The first was based on data published by the Ministry of Housing, Communities and Local Government revealing that new-build starts in England were down 11% in Q3 2019, compared with the previous year. The first nine months of 2019 saw builders start 157,550 new homes, a 7% fall on the same period a year earlier.
Meanwhile, completions are still rising — over the same period, the number of new homes delivered to market was up 9% on the previous year.
These statistics are important because they give us a glimpse of how the housing market is going to look in the next year or so.
At the moment, the number of new homes coming to market is relatively high (though not high enough according to most) and the housing market is in pretty good health. Prices are generally supported by consistent demand from buyers using traditional mortgage finance and making the most of the Help to Buy scheme.
But while completions are healthy, this fall in starts reflects just how jittery things got in the economy over the past 12 months of wrangling over our political future.
Developers clearly reined in investment during a period when there was a real fear that the UK could suffer a major economic shock following a hard Brexit. The effect that would have had on demand for mortgage finance — and, crucially, borrowers’ affordability — would have been profound.
Turning off the taps momentarily was a sensible decision in the interests of shareholder protection, but the effects of that tightening in supply will have consequences that are felt for years to come. There is also a question of whether Q3 2019 was a blip or a reversal in trend.
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Whatever the answer, the figures caught my attention because demand for housing remains intense. And fewer new builds coming to market leaves space for conversion from existing stock to pick up at least some of the slack.
This is an opportunity for the bridging market, which funds large numbers of refurbishment and permitted developments, returning stock to both the residential purchase market and the private rented sector.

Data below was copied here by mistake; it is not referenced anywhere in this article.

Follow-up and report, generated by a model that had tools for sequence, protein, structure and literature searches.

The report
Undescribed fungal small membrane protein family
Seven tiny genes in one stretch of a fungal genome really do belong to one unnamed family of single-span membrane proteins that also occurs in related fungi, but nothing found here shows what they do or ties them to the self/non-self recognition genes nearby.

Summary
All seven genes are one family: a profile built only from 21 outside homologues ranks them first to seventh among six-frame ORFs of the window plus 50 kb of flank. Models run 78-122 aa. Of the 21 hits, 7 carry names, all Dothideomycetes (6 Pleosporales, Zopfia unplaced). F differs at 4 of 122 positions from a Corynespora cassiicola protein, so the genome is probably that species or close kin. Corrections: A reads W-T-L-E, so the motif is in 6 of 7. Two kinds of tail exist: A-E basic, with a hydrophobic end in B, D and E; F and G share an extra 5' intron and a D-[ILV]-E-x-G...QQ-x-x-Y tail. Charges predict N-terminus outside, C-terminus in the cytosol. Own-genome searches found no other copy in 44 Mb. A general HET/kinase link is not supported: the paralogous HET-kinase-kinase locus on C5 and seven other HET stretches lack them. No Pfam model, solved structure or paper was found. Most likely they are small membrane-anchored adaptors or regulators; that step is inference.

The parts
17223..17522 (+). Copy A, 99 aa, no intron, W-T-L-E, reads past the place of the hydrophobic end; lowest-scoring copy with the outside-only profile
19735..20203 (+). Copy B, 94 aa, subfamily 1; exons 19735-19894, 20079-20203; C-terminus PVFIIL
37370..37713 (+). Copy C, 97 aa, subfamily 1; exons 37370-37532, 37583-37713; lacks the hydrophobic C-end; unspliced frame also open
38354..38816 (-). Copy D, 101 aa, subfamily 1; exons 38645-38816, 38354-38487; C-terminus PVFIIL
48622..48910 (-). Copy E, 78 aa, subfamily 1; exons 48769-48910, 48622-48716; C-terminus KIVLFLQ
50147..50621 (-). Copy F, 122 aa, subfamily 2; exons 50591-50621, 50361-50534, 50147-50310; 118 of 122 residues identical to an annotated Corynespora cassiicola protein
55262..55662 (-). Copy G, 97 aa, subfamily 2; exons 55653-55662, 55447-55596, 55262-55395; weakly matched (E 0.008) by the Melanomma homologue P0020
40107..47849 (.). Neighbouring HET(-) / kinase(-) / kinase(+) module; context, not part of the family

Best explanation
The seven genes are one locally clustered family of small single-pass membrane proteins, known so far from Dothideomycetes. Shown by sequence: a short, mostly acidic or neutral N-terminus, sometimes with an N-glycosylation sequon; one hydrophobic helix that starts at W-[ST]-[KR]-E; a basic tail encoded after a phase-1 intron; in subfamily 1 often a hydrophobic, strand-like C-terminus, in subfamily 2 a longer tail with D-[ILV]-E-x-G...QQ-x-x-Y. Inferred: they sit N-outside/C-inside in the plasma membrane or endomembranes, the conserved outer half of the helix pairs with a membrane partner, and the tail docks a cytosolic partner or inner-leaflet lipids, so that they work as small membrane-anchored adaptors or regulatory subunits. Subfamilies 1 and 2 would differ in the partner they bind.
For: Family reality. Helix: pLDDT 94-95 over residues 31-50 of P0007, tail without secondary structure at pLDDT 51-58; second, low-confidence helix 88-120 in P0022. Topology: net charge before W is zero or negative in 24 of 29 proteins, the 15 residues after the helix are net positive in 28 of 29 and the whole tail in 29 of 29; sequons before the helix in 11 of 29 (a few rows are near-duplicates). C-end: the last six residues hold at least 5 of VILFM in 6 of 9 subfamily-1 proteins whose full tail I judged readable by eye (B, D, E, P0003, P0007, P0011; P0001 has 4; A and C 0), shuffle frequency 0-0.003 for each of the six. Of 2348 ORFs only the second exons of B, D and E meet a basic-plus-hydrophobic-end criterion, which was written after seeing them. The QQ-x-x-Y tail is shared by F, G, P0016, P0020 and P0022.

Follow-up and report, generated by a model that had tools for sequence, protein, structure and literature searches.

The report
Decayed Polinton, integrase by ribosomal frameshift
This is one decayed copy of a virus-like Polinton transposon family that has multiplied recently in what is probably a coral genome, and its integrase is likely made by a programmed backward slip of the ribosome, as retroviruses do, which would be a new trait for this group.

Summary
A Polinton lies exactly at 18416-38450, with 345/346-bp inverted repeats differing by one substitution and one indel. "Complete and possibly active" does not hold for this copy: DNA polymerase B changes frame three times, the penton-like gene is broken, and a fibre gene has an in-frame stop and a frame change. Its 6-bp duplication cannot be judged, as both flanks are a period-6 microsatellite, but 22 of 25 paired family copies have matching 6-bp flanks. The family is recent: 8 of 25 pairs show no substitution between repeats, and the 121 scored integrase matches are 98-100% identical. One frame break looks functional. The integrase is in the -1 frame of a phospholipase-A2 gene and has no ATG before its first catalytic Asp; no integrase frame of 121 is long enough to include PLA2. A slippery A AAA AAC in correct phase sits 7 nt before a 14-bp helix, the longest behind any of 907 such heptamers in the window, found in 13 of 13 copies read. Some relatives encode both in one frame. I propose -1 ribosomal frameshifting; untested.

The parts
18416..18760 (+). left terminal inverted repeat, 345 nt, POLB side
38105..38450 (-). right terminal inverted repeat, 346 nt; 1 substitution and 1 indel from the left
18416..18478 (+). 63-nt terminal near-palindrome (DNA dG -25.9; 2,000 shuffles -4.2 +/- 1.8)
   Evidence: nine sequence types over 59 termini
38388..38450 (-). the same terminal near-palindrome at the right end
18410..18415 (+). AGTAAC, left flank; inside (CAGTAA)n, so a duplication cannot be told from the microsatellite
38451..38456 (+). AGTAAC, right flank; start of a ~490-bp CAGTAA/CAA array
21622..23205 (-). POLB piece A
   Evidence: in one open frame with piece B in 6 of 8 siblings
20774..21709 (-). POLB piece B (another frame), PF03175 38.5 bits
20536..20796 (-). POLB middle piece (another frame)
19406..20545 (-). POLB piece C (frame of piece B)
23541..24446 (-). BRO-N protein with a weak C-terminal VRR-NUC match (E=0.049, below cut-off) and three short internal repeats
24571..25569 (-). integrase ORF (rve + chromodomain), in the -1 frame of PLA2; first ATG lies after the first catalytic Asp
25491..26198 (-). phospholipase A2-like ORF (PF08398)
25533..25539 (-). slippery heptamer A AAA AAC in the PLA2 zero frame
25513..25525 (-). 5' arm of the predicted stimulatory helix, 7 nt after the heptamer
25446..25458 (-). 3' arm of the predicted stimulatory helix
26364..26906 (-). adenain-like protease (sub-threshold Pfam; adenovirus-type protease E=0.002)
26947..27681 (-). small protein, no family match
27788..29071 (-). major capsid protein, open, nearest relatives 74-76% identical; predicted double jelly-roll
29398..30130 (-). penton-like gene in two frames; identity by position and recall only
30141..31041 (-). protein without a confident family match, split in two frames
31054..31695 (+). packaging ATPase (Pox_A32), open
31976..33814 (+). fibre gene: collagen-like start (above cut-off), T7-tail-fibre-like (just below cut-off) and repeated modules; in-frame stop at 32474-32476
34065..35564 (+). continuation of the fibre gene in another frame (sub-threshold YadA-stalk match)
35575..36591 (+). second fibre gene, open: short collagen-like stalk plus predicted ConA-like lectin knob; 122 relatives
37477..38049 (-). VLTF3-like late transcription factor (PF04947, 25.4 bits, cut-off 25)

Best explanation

Another thing to have caught my eye was data which showed that the average rates charged on two- and five-year fixed buy-to-let mortgages had fallen by more than a quarter of a per cent year-on-year, according to Moneyfacts. Landlord optimism to invest in buy-to-let or a desire for cheaper deals in 2020 may have led providers to cut rates to entice prospective borrowers.
We’re almost four years into a shift in behaviour from landlords driven by the tax changes announced in 2015 by George Osborne.
Landlords who couldn’t stomach the change in regime, and the effect it had on their financials, are now pretty much out of the market. Those who remain are well into the restructure of their portfolios to protect profitability.
This restructuring has underpinned activity in buy-to-let and there is plenty still to do over the coming years. This bodes well for brokers introducing this business, but it’s also likely to have a knock-on effect on the bridging sector.
While some of this restructuring is down to straightforward remortgaging and reallocation of capital within an existing portfolio, sale and reinvestment into alternative, higher-yielding properties is a trend that we expect to ramp up this year. This provides an excellent opportunity for those in the bridging sector to fund projects that precede the buy-to-let finance requirement, adding capital value and improving rental income potential for landlords in search of just that.